Notes: Comparison of Two Approaches for Determining Fire Dates From Tree Scars
Authors: Madany, Michael H.; Swetnam, Thomas W.; West, Neil E.
Source: Forest Science, Volume 28, Number 4, 1 December 1982 , pp. 856-861(6)
Publisher: Society of American Foresters
Abstract:Knowledge regarding the historic role of fire in forest ecosystems is often derived by dating fire scars. Fire history studies in boreal and western coniferous forests have used either complete or partial cross sections cut from fire-scarred trees. The occurrence of missing or false rings presents an obstacle to the accurate dating of individual fires. Two different techniques of dating partial cross sections of fire-scarred ponderosa pine (Pinus ponderosa Laws) were compared using the same samples. Method I involves the tabulation of "raw" dates followed by a subsequent adjustment based on synchronization with fire dates from adjacent trees. Method II uses correlations with master chronologies based on analysis of increment cores taken in the same region as the sampled fire scar sections. Method I is prone to error since the assumption that fire dates differing by a few years may actually be from the same year cannot be independently verified. Method II provides a higher degree of certainty with regard to the accuracy of individual dates because the cross dating of local patterns of ring widths circumvents the problem of absent or false rings. Eight samples from the Horse Pasture Plateau in Zion National Park, Utah, were dated by both methods. Agreement on dates derived by the two methods for 39 separate fire years was limited to only 26 percent. The average error of Method I was 1.0 year. Fire history studies using Method I are accurate enough for most managerial recommendations and some ecological interpretations, but they may lack the precision necessary to correctly identify fire years or differentiate small changes in fire frequency. The dendrochronological approach of Method II is preferable because of its greater reliability, especially in ecosystems where short fire intervals are common or where fires occur in consecutive years. Forest Sci. 28:856-861.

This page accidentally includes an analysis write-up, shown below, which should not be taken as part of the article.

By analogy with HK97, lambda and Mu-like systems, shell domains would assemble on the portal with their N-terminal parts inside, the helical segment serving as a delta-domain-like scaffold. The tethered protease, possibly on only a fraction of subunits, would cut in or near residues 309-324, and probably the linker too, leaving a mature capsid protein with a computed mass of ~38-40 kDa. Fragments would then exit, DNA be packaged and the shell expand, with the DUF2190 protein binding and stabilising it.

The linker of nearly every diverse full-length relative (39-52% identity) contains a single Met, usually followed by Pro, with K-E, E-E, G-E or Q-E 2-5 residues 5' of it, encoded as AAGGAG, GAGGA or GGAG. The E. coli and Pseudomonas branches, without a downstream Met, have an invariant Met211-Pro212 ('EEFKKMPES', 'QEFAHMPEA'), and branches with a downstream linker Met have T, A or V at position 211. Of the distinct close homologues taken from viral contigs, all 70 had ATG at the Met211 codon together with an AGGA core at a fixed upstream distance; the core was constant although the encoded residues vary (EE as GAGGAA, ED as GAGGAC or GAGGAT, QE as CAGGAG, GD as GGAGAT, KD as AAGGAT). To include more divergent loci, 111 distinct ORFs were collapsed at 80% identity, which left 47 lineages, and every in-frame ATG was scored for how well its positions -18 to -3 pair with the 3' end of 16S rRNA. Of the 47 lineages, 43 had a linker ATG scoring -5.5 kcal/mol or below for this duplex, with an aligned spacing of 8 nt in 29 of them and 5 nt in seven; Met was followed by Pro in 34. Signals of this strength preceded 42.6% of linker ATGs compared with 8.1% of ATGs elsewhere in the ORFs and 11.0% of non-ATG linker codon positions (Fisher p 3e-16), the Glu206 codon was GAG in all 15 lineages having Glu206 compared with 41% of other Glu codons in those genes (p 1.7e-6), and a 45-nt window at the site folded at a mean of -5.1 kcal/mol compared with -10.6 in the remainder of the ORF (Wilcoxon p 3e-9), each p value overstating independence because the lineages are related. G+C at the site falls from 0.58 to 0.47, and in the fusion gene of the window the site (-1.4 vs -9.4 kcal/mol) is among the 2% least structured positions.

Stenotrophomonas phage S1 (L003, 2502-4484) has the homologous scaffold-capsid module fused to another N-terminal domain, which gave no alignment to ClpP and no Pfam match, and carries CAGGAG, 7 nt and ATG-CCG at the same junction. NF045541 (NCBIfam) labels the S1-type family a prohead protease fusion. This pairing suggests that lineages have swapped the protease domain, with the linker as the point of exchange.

Document Type: Miscellaneous
Affiliations: Professor, Range Science Department, Utah State University, Logan, Utah 84322
Publication date: December 1, 1982
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